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NCJRS Abstract

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NCJ Number: 150938 Find in a Library
Title: Keeping Your School Non-Violent (From No to Violence, P 89-96, 1994, Mary Labatt, ed. -- See NCJ-150928)
Author(s): B Baycroft; D Nokes; L Robertson
Date Published: 1994
Page Count: 8
Sponsoring Agency: Ontario Teachers' Federation
Toronto, Ontario M5R 2B5, Canada
Sale Source: Ontario Teachers' Federation
1260 Bay Street
Suite 700
Toronto, Ontario M5R 2B5,
Type: Program/Project Description
Language: English
Country: Canada
Annotation: Recognizing that violence was a growing problem in its community, one London (Ontario) school mobilized parents, staff, and community to develop a comprehensive violence- awareness and prevention program.
Abstract: The Emily Carr Public School is a junior kindergarten- to-grade eight school with a student population of 775. The school reflects the growing diversity of a city that is one of the most rapidly expanding urban centers in Canada. The school leaders took the first step in inviting a representative group of parents, educators, and community leaders to meet in an informal discussion of school- community behavioral problems among children and youth. The result of the discussion was a consensus and commitment to continue to meet as a committee. The next step was a survey of student concerns. These concerns were then taken to the teachers, who talked about the issues facing them and their students daily in the classroom. A second committee meeting was scheduled to explore the issue of community involvement. The committee set three goals for any program development: the promotion of respect, tolerance, and mediation; the fostering of positive attitudes through education and support at all levels; and the development of behavioral expectations and consequences in association with a proactive, skill-building component. Programs developed by the committee included a social-skills program designed to counter violent behavior among students. Elements of the program are empathy training; impulse control; anger management; mediation techniques; and the learning of acceptance, respect, and tolerance. One program targeted bullying as a major problem in school behaviors. The overall school strategy is called SMARTS, with each letter of the acronym standing for self-esteem, mediation, acceptance, respect, tolerance, and a safe school.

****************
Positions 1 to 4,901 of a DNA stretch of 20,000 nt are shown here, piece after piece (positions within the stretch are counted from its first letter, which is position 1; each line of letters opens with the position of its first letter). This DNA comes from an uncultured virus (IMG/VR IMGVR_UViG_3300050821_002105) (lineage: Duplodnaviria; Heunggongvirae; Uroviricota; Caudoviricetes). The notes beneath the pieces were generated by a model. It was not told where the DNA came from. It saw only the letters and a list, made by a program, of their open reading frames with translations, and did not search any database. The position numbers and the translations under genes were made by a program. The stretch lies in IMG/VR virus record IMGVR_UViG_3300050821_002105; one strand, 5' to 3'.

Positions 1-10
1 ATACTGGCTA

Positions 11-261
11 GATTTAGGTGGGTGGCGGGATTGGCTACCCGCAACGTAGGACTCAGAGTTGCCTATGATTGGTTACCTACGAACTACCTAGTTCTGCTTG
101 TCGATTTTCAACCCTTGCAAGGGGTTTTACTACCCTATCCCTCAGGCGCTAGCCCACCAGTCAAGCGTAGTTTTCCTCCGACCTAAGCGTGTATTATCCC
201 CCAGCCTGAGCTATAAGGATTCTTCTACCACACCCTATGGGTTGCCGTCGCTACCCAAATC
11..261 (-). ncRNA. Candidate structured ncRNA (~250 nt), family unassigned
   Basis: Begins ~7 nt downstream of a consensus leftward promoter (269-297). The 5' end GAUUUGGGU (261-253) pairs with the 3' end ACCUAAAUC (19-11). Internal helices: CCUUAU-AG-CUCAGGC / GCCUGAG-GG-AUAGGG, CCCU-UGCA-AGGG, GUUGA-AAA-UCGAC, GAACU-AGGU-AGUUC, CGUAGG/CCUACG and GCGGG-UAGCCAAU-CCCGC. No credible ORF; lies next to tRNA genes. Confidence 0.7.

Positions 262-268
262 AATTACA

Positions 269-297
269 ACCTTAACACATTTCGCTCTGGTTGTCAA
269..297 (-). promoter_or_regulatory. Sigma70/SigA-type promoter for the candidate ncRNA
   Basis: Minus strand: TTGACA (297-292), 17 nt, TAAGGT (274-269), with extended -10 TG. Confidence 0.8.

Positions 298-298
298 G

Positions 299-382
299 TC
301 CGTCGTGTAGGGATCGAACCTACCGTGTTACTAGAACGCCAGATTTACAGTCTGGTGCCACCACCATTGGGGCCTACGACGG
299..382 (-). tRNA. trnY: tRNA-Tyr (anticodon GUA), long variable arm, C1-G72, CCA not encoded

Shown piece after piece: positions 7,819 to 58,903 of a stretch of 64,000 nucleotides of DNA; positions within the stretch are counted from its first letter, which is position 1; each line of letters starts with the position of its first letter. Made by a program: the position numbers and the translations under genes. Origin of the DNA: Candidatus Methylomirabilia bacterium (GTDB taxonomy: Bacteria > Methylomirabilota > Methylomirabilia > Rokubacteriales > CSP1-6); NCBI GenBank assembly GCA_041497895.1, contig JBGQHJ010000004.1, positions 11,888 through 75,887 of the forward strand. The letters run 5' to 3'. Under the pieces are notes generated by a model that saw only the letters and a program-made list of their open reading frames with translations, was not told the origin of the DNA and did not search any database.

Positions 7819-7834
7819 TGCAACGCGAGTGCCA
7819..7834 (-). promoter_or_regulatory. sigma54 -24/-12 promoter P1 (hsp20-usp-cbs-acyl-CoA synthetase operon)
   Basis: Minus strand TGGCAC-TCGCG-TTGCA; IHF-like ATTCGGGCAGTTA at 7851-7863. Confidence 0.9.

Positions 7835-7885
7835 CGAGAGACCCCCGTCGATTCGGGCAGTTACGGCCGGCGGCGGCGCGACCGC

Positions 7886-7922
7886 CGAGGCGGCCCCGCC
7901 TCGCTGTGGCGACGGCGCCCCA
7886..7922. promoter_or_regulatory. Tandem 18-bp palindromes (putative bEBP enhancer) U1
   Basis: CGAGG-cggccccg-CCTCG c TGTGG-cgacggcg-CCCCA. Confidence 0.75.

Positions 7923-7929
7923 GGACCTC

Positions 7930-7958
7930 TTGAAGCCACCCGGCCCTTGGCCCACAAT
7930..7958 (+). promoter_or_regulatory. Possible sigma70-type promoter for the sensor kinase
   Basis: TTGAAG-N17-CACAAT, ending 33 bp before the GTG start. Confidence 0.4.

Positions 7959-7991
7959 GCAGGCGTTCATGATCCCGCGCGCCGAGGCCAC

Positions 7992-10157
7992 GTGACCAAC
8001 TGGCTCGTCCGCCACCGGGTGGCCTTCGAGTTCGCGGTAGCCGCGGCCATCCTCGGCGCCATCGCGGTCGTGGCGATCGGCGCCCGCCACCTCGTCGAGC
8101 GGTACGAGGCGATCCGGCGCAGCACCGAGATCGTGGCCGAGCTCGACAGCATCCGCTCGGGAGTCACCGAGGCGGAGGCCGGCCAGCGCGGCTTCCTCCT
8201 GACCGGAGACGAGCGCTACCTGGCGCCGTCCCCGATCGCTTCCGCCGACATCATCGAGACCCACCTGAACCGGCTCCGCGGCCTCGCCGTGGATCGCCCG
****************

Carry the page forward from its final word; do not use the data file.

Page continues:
Main Term(s): Juvenile delinquency prevention programs
Index Term(s): Criminology; Foreign crime prevention; School delinquency programs; Violence causes; Violence prevention
Note: Reprinted from FWTAO Newsletter, January/February 1994.
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